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Tuesday, Apr 20th

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Families should come before corporate profits

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What should have been a routine laparoscopic surgery to remove my gallbladder, changed my life. Forever. That’s why I’m speaking out about the need for the Legislature to pass a law to put patients before healthcare corporations.

When I went in for my operation, the surgeon made a mistake. He misidentified—and then severed—one of the ducts coming out of my liver. But we didn’t know that at the time.

I went from the operating room to the intensive care unit and then back to the operating room for emergency surgery. No one knew what was wrong.

They opened me back up and cleaned out at least four liters of digestive fluid that had spilled into my body cavity. They discovered the severed duct and hooked up my liver to a draining tube. After surgery, I was in a coma for about two weeks and my family was on an emotional roller coaster. I ended up on a ventilator. My family didn’t know if I would ever come home again.

Finally, I woke up. I had a row of staples 12 inches long down my abdomen. A huge scar remains.

Because of the original surgeon’s error, I had to have my internal organs reconstructed. It took months for me to recover. But my life has never returned to normal.

Even though everything was reconstructed, my liver is permanently and severely damaged. The devastation caused by that surgeon’s mistake puts me at continual risk for liver failure and needing a full liver transplant.

To this day I have to go back to the hospital every three months to get lab work done to check my liver. But, due to COVID, the appointments have not been regular. In fact, I have my appointments over the phone now because I am still scared to go to the hospital to get my labs.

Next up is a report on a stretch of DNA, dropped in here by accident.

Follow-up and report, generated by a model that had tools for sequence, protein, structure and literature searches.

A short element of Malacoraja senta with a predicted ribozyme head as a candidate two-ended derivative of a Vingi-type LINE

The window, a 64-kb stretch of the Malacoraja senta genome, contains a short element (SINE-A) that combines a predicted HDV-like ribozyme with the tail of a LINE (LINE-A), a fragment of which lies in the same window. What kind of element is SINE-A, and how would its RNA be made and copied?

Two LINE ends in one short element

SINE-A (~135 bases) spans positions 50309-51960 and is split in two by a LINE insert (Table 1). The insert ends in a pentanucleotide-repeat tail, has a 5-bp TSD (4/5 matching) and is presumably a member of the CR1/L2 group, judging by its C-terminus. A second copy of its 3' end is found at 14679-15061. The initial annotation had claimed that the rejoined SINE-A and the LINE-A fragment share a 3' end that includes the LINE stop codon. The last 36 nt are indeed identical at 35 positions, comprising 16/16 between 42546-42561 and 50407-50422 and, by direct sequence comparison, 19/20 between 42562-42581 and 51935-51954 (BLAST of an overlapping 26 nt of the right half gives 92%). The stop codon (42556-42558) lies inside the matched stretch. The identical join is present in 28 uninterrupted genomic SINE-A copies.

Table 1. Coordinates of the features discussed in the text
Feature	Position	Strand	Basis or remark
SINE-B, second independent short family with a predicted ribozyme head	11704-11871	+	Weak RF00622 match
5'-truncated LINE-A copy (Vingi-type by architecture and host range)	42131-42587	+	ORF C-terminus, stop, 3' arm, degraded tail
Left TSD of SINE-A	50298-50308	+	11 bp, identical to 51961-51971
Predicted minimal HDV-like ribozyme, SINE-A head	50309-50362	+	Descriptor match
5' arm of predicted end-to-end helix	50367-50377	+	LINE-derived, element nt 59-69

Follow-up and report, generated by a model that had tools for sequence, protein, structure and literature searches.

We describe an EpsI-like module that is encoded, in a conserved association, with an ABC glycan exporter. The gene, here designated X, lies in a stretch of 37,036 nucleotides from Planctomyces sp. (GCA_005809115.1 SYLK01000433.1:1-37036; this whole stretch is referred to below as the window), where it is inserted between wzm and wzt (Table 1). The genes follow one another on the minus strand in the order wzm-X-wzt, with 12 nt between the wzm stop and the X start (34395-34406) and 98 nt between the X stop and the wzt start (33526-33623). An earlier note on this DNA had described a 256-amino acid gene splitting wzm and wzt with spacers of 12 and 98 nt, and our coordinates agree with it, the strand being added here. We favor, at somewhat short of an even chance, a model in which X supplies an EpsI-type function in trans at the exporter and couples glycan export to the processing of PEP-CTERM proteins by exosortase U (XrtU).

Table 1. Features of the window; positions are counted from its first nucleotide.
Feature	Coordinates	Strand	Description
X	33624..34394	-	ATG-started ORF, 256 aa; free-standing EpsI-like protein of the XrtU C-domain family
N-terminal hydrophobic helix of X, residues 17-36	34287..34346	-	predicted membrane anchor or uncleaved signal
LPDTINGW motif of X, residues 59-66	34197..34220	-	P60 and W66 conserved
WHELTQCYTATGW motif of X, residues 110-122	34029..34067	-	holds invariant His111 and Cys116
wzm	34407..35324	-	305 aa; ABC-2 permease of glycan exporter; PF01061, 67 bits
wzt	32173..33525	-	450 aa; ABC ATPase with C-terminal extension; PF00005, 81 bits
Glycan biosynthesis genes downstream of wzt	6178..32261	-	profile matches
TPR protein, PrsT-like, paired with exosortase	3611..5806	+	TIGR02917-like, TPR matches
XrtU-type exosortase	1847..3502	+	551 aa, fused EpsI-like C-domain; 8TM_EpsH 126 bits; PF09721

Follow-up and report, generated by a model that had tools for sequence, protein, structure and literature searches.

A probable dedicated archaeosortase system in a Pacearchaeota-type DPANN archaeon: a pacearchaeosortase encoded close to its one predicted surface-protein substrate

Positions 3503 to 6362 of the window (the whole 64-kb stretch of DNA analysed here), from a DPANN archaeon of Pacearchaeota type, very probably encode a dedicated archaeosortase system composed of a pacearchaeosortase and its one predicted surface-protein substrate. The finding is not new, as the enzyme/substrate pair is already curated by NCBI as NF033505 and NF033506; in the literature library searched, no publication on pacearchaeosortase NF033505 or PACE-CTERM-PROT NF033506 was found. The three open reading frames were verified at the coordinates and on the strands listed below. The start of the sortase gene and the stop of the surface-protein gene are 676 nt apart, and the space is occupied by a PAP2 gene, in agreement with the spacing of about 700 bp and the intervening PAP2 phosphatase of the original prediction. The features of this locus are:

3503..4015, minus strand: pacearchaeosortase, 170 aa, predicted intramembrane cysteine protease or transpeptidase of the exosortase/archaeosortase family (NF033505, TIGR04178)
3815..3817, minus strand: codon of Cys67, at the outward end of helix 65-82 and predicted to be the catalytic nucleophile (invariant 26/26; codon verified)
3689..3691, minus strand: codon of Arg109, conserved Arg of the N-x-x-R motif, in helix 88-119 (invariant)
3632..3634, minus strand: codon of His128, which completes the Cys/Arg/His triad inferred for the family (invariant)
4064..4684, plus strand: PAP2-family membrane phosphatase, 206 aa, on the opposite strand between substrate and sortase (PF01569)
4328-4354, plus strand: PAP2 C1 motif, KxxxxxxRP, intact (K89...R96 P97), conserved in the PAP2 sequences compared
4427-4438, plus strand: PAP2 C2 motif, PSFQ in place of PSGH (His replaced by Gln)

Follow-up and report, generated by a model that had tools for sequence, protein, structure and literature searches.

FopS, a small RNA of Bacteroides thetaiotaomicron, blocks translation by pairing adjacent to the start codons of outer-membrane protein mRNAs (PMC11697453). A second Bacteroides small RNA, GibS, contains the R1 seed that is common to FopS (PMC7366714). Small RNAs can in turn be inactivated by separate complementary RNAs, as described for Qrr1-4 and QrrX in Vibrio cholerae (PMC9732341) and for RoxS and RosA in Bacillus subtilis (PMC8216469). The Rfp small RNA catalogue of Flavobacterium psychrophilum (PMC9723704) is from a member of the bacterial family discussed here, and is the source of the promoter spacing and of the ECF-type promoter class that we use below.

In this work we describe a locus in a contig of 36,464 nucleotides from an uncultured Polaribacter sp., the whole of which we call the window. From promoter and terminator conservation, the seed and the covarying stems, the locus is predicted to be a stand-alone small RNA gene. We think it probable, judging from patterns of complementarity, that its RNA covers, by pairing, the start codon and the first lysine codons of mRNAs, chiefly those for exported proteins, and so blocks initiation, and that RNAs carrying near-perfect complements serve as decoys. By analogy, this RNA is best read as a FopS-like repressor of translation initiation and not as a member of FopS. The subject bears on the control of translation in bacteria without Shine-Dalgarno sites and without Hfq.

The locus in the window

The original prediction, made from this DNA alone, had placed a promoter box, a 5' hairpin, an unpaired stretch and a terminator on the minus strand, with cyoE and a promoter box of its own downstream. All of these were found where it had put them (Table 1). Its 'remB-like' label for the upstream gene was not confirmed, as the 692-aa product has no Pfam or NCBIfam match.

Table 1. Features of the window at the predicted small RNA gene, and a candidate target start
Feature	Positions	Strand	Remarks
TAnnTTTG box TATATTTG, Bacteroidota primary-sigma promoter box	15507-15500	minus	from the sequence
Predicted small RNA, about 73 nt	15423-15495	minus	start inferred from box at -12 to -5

When I go to my appointments, the doctor always tells me to look out for signs that my liver is giving me problems. I appreciate the reminders, but I don’t need them. I have to live with this fear daily. And my husband and children look out for the signs as well.

This is not the family I knew before I went in to have my gallbladder removed. We’re all so serious now. We live with fear. We worry about the liver transplant that I am sure to need one day.

The worst part for me is that I am not as strong as I was before. I feel weak all the time. I want to be the healthy, energetic mother that my kids deserve.

And I’m not alone. Too many New Mexicans—people right here in McKinley County – are harmed every year by hospital negligence and medical error.

New Mexico has a Patient Compensation Fund to help patients like me, who, due to medical malpractice, have suffered harm and need expensive care for the rest of their lives. That fund can’t fix a liver or ease a child’s fear about their mom’s health, but it can help patients move forward. Unfortunately, a backroom deal made several years ago allows multi-billion healthcare corporations to manipulate the Patient Compensation Fund, so that hospitals are not held accountable, leaving injured patients to figure out the care they need on their own.

This year the New Mexico Legislature has a chance to fix this problem. HB 75 will protect the Patient Compensation Fund and ensure that it is used to actually help patients—not to shield corporate hospitals.

HB 75 has already passed the New Mexico House of Representatives. It is now in the Senate. I urge our McKinley County state Senators to vote for this important bill so that it can go on to the governor to become law.

In New Mexico, we value family. Passing HB 75 will show New Mexico families that we are valued—and that we are more important to our elected officials than faceless healthcare corporations.

By Jeanise B. Livingston